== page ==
Apr 20

Max Presnell rates the Melbourne Cup runners


Admire Rakti

Weight is the only query with this seven-year-old but most of his top rivals are too close to him. He has been given a perfect Japanese preparation, the same as Delta Blues before his 2006 win. Will appreciate the anticipated firm ground, which could take a toll on others, and has the benefit of an Aussie navigator in Zac Purton.


A nine-year-old but age hasn’t wearied him as he is in career best form, which keeps him on the radar on Tuesday. Failed badly in the 2012 Melbourne Cup, run at a dawdle, but has subsequently been successful in Dubai and the UK. Jockey Craig Williams is a plus.


The best local hope and the hardest to beat. An excellent second in a strong Cox Plate confirms the necessary class, but will it extend to 3200 metres? The gelding was sixth last year after giving a long start – mastermind and owner Lloyd Williams intimated jockey Nick Hall “went to sleep”. Expect both horse and man to be lively, mentally and physically, on Tuesday afternoon.

Red Cadeaux

Another old-timer who looks good and has a penchant for Flemington. Second in two previous Melbourne Cups, but I can’t see him adding to that tally here.


A five-year-old from Germany, this rising star is potentially the best horse in the race, coming along a similar European trail to Americain (2010) and Dunaden (2011). Also has the benefit of Australian experience, finishing fourth in the Herbert Power at Caulfield. I’m gambling against him. It could be the wrong move.


Widely travelled and a group 1 winner in Germany. Failed pulling hard in the Caulfield Cup and was subsequently described by jockey Craig Newitt as “dour”. Too slow for mine.


Benefited from a great Blake Shinn ride to take The Metrop at Randwick but with 55.5 kilograms could be tested against this company. Has the assistance of Hugh Bowman, a great distance rider, but it won’t be enough.

Royal Diamond

Another nine-year-old eligible for the pension or the paddock and regarded as the second pick of the John Murtagh stayers. Acts over two miles, but not with any brilliance. Back with the cap-catchers.


Did not like Sydney and a failure for Chris Waller. A Geelong Cup winner (2012) and subsequently back with John Gosden in the UK. His form has been good in much weaker races. Not a contender.

Mutual Regard

Being an Ebor winner last start and still having the bloom of youth at six, he appeals strongly but I did not include him in my first four because he has not had Australian experience. Great rides win the Melbourne Cup and none do it better than his jockey, Damian Oliver.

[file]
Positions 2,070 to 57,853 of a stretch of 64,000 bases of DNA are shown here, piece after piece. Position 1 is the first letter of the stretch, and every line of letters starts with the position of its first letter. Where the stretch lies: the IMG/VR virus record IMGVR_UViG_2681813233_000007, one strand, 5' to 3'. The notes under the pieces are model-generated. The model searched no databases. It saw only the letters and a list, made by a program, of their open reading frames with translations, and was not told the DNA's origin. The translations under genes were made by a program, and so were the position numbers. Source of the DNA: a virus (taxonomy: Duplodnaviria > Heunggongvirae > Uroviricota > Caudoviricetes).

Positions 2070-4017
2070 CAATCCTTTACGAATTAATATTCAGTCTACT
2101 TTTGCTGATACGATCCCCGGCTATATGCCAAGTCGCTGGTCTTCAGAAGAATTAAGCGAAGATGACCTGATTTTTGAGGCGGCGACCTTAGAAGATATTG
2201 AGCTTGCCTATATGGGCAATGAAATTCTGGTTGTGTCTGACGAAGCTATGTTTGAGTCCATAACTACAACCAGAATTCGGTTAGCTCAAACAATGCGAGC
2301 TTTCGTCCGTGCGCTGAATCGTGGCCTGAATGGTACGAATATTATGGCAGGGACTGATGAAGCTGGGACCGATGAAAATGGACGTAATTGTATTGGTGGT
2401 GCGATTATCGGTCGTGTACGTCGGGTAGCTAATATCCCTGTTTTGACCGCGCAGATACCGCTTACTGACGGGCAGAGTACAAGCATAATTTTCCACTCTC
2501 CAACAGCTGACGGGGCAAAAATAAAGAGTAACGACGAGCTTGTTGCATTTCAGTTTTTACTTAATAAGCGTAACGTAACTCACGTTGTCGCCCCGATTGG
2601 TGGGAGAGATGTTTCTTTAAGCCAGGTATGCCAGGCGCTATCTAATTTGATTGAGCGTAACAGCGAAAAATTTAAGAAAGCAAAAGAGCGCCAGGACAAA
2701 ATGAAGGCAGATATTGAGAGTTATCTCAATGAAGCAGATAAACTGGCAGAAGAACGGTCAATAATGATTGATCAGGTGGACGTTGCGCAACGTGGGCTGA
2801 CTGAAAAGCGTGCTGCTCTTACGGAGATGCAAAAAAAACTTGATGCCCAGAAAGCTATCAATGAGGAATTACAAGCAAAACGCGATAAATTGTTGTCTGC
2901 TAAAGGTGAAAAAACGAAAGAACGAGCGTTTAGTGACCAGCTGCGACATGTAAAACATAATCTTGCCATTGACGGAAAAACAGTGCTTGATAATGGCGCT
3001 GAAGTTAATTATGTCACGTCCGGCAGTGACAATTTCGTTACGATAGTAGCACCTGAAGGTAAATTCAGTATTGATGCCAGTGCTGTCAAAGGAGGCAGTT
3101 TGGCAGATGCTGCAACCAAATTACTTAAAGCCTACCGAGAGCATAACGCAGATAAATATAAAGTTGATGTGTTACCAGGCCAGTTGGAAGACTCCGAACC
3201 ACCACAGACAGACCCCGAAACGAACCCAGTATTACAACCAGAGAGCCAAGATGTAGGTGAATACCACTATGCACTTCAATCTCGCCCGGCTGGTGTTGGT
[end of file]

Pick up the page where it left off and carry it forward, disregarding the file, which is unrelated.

Who Shot Thebarman

Likes Flemington and is a proven 3200m horse, having won the Auckland Cup. Failed in the Caulfield Cup but on later examination was found to have mucus in his lungs. Lacks the necessary class to figure in the top bracket but, with Glen Boss up, he should get a good passage.

Willing Foe

An eight-year-old which has had three starts in the last two years. Regarded abroad as “gifted”, but fragile. Maybe he’s just a travelling companion for Godolphin’s major player, Cavalryman.

My Ambivalent

Obviously top-class, but a flighty mare. Targeted at the Caulfield Cup but withdrawn because of to injury. Under the circumstances, the 3200m journey is a problem.


Remarkably, did not make the field last year when in better form. Had excuses for his last-start Moonee Valley Cup failure and lacks the lead-up credentials of his past three Melbourne Cup attempts.  Only the fact that J.B. Cummings is in his credentials entitles him to any respect.


Certainly his effort in the Mackinnon at Flemington on Saturday was ordinary, not unlike Viewed (2008) before he won the Big One. But Viewed struck interference. Brambles was too slow but has enough pace to take a position here. However, not where it matters.

Mr O’Ceirin

Concussion plates going on as a gear change indicates the firm ground could be a problem. Also, his recent Cranbourne Cup failure hardly puts him into the form horse category.

Au Revoir

Prepared by Andre Fabre, known as a champion French trainer, the five-year-old can improve fitness-wise on his Moonee Valley Cup third, but could this be more an exploration exercise for the future, for the trainer if not for the horse?


Like Lidari, the last four Melbourne Cup winners have been northern hemisphere six-year-olds. He was sixth in the Caulfield Cup and lacks quality and a staying element, in my opinion, but Racing And Sports has him highly, if not, top rated.


Catch him on his day and he is better than average. However, this was not the case in the Moonee Valley Cup last start. Perhaps a tidal wave would help. But that appears unlikely.


Third in The Metrop and that is a reasonable credential, as was his Caulfield Cup fifth. But the 23 launch is hardly a plus for a stayer which needs all the breaks.

Lucia Valentina

Highly talented and the youngest entrant in the race. Produced an outstanding Melbourne Cup trial when third in the Caulfield Cup. So why didn’t she make my top four? She has the class but maturity and staying power are the queries.

Unchain My Heart

The Flemington metric two miles are much to her liking, but class and tempo will test this eight-year-old mare, still racing at an age when most of her gender are at stud or in a paddock.


With 51kg, he has the handicap to test the topweights, even allowing for the possibility of Joao Moreira riding another half kilo overweight. Trainer Darren Weir has given the five-year-old gelding a strong foundation and he should look sweet in the run for a long way. Then class will kick in. Top three for sure.

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